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A Home for a Teenager

How Annette Friesen is making a difference

"I met a girl."

They were the last words Annette Friesen expected to hear from her husband, Rick, as she picked him up from the airport in June 2005.

Whoa, Annette thought. Twenty-nine years of marriage and you meet someone.

Rick explained that, traveling home from a business trip in California, he'd been seated next to a teenaged girl. Small and thin, dressed in bobby socks and a denim skirt and carrying a gym bag, she seemed to be traveling alone. Intrigued, Rick struck up a conversation with her.

She told him her name was Christina, and she was 15 years old. Then she stunned Rick by explaining she was a foster kid traveling to a shelter. Her case worker had been unavoidably seated a few rows behind them. Over the two-hour flight, she hesitantly shared pieces of her story. Abandoned by her mother as an infant. Raised by an abusive, alcoholic father and eventually removed from her home when she was 12. Placed in a foster family where she couldn't fit in. And now, on her way to an uncertain future in Mississippi.

"I just kept thinking, We have empty bedrooms and we're not that old," Rick told Annette. "Maybe we can do something."

Annette was astonished. With their three children grown and gone for the past two years, she and Rick had been relishing their freedom. Both enjoyed fulfilling jobs with Peacemaker Ministries and tooling around on Rick's new Harley. This sudden interest in taking on a child he'd just met seemed to come from left field.

You Want to What?

The next morning, Rick told Annette, "I want to look for Christina. Can I?"

When she asked what he'd do if he found her, Rick explained that he wanted to make sure Christina was okay. Then he added, "And maybe we can talk about fostering and adopting her."

"I wasn't sure how I felt about the idea," Annette recalls. "But I didn't think God would give Rick such a strong emotion without us needing to do something about it. I didn't think it was something I should ignore."

Deep down she didn't believe Rick would locate the girl. To her surprise, just a week and a half later he announced, "I found her."

As Rick exchanged e-mails and phone calls with Christina's caseworker, Matt Matthews, the Friesens continued to pray together as well as enlist the prayers of friends and church members. In early August they flew to Mississippi to talk with Matt in person.

"My fear was rising because this was becoming more of a reality," Annette recalls. "I felt God was calling us on some sort of mission. But I didn't feel equipped for it."

Talking with Matt and learning more about Christina did much to set Annette's mind at ease. She left the meeting ready to face the next hurdle—meeting Christina in person. But for Annette, that step required a commitment.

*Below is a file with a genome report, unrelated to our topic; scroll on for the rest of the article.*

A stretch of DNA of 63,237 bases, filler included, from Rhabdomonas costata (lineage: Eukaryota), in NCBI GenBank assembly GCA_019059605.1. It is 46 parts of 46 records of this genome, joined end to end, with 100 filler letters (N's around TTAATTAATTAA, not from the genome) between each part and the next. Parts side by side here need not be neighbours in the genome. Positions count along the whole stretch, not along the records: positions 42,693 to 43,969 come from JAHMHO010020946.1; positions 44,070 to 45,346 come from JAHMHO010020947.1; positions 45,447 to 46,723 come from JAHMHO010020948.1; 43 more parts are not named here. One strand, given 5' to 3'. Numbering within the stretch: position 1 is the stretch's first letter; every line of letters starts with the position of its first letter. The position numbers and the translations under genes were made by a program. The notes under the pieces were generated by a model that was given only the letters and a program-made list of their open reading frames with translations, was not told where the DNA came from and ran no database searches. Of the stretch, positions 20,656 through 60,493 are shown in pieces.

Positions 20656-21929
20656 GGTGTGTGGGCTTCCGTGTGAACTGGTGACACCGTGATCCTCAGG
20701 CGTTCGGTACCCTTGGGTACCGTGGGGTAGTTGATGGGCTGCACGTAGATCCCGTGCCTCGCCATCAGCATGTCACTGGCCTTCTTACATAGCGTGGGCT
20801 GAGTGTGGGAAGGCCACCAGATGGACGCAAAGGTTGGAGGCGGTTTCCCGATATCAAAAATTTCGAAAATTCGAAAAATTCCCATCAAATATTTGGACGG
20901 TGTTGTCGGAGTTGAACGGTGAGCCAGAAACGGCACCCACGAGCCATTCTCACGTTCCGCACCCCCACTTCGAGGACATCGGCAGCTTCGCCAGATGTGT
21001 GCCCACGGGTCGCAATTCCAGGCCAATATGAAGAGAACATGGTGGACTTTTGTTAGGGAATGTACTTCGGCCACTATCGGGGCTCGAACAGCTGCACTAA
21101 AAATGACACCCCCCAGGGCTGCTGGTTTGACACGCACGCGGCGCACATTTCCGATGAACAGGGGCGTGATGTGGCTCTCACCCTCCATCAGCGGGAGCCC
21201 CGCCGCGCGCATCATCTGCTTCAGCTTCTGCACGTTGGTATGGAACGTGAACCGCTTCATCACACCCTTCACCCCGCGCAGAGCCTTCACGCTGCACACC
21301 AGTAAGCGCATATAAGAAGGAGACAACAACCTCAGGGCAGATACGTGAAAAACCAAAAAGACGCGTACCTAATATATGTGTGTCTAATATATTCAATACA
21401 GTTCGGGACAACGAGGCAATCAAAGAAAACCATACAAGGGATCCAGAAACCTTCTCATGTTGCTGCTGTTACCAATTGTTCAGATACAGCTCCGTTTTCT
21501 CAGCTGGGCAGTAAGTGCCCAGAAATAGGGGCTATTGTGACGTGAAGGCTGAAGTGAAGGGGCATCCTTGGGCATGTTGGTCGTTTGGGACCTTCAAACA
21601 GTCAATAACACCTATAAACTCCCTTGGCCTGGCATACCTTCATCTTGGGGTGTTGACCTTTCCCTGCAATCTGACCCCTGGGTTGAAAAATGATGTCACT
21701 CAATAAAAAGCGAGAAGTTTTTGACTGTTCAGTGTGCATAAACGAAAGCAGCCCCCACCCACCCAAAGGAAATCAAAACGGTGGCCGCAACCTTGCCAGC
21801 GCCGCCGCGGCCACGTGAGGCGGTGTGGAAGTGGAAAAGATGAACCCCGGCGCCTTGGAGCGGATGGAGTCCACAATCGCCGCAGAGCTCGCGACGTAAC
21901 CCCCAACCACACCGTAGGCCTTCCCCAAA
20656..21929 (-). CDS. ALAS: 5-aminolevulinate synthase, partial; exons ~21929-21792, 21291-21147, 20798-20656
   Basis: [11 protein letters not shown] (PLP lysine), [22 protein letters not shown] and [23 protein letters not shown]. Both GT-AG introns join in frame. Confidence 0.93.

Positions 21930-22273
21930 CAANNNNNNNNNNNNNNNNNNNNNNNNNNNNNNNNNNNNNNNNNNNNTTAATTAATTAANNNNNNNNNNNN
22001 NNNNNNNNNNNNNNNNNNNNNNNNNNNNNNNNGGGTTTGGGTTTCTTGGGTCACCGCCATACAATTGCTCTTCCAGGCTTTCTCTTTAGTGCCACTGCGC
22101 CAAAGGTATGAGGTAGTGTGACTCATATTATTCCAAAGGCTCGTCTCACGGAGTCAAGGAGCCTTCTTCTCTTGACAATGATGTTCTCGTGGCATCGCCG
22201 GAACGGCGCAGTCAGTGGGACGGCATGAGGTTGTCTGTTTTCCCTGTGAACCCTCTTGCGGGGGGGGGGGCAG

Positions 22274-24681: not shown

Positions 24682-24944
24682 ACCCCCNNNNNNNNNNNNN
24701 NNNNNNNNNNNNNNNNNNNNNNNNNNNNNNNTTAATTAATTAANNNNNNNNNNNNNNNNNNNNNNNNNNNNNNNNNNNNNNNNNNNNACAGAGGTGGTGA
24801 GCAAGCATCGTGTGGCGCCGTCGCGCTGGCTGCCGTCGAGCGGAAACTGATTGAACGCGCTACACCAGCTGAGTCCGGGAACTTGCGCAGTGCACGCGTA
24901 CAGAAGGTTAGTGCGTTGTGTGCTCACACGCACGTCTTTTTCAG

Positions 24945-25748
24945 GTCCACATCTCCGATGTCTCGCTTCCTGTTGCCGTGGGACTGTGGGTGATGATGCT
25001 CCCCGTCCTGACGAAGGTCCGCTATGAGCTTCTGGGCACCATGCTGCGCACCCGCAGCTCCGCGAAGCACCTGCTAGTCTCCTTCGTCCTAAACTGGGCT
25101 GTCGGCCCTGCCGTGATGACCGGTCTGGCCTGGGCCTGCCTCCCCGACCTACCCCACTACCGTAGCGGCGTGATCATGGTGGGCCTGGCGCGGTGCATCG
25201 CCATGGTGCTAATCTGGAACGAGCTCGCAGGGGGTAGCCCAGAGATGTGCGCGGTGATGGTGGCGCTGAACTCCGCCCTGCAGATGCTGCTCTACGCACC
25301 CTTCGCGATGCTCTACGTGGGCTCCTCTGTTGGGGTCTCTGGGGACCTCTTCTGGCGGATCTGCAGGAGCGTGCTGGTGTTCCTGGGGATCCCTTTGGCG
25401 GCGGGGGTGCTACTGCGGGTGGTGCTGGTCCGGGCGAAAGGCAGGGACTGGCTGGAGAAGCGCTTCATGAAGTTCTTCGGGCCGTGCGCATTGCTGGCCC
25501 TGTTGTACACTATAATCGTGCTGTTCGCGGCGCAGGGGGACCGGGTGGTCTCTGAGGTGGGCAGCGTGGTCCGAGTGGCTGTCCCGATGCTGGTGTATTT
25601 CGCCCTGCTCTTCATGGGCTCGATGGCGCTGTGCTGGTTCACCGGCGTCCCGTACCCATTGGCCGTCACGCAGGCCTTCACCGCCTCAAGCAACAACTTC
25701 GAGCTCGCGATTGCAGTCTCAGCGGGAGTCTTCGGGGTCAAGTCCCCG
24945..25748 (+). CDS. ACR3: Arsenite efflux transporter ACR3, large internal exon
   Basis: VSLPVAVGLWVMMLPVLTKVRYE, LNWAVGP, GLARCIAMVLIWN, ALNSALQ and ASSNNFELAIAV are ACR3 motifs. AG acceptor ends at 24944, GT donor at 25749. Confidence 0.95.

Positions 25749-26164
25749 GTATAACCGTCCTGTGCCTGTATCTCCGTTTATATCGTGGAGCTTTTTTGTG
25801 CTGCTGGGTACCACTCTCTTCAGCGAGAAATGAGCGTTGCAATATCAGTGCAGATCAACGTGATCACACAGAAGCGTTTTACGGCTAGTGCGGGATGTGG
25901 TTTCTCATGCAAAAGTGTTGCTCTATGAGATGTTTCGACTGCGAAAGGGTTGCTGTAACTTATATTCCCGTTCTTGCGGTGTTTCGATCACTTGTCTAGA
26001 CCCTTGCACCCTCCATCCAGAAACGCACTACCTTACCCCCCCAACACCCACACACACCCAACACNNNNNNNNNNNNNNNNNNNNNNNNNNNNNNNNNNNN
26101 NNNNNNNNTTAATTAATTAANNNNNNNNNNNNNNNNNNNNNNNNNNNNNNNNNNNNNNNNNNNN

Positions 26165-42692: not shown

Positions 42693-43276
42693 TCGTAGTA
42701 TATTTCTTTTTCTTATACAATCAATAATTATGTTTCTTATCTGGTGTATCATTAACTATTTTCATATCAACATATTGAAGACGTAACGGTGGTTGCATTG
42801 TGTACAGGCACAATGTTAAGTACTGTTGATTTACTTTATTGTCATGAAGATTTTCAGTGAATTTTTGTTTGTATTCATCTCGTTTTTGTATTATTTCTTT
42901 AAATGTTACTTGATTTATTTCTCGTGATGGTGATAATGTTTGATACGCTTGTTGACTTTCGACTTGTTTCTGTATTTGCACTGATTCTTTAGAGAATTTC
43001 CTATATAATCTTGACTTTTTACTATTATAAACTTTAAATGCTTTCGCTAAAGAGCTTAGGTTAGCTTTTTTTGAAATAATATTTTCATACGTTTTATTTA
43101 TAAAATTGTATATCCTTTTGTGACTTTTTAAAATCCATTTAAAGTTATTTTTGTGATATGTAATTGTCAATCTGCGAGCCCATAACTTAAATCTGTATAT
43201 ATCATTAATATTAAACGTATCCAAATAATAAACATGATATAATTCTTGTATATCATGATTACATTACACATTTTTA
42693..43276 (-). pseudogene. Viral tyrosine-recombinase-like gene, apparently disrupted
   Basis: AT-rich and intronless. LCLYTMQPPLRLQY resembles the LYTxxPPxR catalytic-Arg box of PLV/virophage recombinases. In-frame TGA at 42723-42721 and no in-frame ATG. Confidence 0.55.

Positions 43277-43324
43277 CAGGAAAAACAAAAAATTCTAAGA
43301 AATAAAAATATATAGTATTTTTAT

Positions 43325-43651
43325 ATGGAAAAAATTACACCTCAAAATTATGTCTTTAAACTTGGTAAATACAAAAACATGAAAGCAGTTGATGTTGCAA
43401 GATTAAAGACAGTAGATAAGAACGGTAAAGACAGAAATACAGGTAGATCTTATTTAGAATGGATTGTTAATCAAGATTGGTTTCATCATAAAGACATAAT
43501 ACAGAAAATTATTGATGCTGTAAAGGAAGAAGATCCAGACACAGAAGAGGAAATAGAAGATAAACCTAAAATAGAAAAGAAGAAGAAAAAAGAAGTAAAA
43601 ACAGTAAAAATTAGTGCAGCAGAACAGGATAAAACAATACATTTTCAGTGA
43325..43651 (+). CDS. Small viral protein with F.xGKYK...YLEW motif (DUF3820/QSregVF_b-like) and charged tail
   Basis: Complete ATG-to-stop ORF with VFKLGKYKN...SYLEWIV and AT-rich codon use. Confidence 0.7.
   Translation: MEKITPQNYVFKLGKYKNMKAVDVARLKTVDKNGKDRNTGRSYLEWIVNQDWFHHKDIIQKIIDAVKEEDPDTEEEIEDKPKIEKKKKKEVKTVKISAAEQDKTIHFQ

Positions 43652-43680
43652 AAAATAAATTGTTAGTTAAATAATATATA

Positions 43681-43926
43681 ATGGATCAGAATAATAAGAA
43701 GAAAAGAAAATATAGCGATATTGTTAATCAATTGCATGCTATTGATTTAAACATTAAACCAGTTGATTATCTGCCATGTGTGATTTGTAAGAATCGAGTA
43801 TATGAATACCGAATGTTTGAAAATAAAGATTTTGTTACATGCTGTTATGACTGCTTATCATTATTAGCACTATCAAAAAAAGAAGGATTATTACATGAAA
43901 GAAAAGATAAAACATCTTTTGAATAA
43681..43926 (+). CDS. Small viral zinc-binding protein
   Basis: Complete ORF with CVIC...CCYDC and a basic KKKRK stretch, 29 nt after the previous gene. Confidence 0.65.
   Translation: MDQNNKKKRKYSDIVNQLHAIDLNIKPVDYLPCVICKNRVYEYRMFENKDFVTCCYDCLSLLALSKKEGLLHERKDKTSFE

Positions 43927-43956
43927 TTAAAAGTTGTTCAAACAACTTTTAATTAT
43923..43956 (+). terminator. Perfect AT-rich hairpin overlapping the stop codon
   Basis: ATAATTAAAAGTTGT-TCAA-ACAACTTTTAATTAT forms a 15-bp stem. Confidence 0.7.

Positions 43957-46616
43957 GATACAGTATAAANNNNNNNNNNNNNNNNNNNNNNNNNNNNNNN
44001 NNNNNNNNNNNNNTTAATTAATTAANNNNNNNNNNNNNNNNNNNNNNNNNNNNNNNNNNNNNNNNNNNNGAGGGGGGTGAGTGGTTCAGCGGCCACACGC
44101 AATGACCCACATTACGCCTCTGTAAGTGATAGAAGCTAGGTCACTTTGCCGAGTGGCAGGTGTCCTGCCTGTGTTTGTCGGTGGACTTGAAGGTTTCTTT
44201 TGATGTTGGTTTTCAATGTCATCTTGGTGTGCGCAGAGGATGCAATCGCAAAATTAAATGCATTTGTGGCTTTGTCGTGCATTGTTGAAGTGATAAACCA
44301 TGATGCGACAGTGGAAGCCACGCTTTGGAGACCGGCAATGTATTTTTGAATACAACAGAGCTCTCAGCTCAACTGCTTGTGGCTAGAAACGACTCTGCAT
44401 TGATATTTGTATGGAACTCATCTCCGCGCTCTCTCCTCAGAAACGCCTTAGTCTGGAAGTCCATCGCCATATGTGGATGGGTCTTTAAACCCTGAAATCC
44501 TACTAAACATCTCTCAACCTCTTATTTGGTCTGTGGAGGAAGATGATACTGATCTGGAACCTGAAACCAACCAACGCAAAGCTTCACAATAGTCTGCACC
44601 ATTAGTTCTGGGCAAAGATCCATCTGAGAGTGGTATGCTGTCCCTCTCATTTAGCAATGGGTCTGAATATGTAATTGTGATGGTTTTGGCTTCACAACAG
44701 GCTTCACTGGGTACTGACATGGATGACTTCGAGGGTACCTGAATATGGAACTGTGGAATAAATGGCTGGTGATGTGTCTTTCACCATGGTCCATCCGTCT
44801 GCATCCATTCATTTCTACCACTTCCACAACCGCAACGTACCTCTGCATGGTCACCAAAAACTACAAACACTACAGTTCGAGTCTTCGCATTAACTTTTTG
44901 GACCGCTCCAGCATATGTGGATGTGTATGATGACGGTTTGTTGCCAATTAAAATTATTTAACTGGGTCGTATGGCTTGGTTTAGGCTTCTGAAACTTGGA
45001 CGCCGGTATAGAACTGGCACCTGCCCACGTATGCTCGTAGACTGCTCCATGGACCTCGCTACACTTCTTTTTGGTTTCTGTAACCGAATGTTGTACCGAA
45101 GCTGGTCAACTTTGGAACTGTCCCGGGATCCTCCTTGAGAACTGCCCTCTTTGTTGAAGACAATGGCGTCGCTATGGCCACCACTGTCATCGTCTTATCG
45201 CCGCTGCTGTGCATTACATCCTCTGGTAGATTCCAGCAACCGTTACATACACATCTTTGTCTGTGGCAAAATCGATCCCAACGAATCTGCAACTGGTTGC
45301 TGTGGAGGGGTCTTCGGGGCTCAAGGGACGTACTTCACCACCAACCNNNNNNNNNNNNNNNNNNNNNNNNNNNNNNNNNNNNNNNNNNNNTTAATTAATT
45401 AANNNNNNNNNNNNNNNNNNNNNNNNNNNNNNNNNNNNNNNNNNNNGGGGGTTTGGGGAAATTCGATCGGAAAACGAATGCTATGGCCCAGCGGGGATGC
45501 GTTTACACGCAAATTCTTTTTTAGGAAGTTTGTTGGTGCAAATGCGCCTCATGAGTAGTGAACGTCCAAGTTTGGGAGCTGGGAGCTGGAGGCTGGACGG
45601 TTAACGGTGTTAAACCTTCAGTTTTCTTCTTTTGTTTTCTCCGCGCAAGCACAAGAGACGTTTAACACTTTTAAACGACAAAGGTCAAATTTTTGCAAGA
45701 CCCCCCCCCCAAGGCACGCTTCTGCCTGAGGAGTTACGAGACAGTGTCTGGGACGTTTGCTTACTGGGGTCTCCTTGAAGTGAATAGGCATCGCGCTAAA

"I knew I had to make a decision then and there—was I going to take Christina sight unseen?" she says, voice breaking. "Because I refused to see her and then say, 'Oh no, you're not what I want.' God didn't qualify me to be his child, and I wouldn't do that to her."

Though Annette had fears about adopting, they concerned her own abilities, not Christina. "I'd made mistakes with my own children," she says. "I was really scared to make those same mistakes with a child who didn't need any more of that. I worried that she'd require things I didn't know how to do or how to face."

Trusting that God would give her the abilities she'd need to parent Christina, Annette made the decision to pursue adoption. She and Rick began the process of fingerprinting, references, background checks, and classes that would allow them to become foster parents. In September 2005, just three months after Rick's plane trip, Annette and Rick flew to Mississippi for their first supervised visit.

Home at Last

Annette remembers clearly her first glimpse of Christina. Just 5'3" and  100 pounds, her long hair to her waist, she greeted them with a brilliant smile. Though soft-spoken during lunch, she and Annette soon bonded over a love of crocheting. During a trip to Michael's to buy yarn for a blanket and then on to Target for new pajamas, they chatted about Christina's favorite color, make up, and music. Their visit ended with Christina repeatedly declaring, "This is the best day," and with both Annette and Rick teary-eyed.

Three visits and much red tape later, Annette was able to ask, "Come home with us for Thanksgiving and Christmas. We want to foster and adopt you." Thrilled, Christina asked, "Is it okay if I call you Mom and Dad?"

Christina came to live with the Friesens just before Christmas 2005, and her adoption was finalized the following summer.

Annette admits it wasn't always easy. Moving from empty nester to full-time, home-schooling parent took some getting used to, and Christina could be clingy.

Christina had her own adjustments. After arguing over homework one afternoon, Annette found her daughter and apologized.

Christina responded by throwing herself into Annette's arms, sobbing, "If this had happened anywhere else, I'd have been sent away."

"I told her, 'You're our child. We don't send our children away,'" Annette recalls.

Now a high school graduate who plans to go to college, Christina has blossomed from that shy, insecure child into a spunky young lady. For Annette, she's a source of pride and a reminder of God's love. 

"That's what God did for us," she says. "He took us the way we were. And he won't let anything prevent us from being all he wants us to be." 

Read more articles that highlight writing by Christian women at ChristianityToday.com/Women

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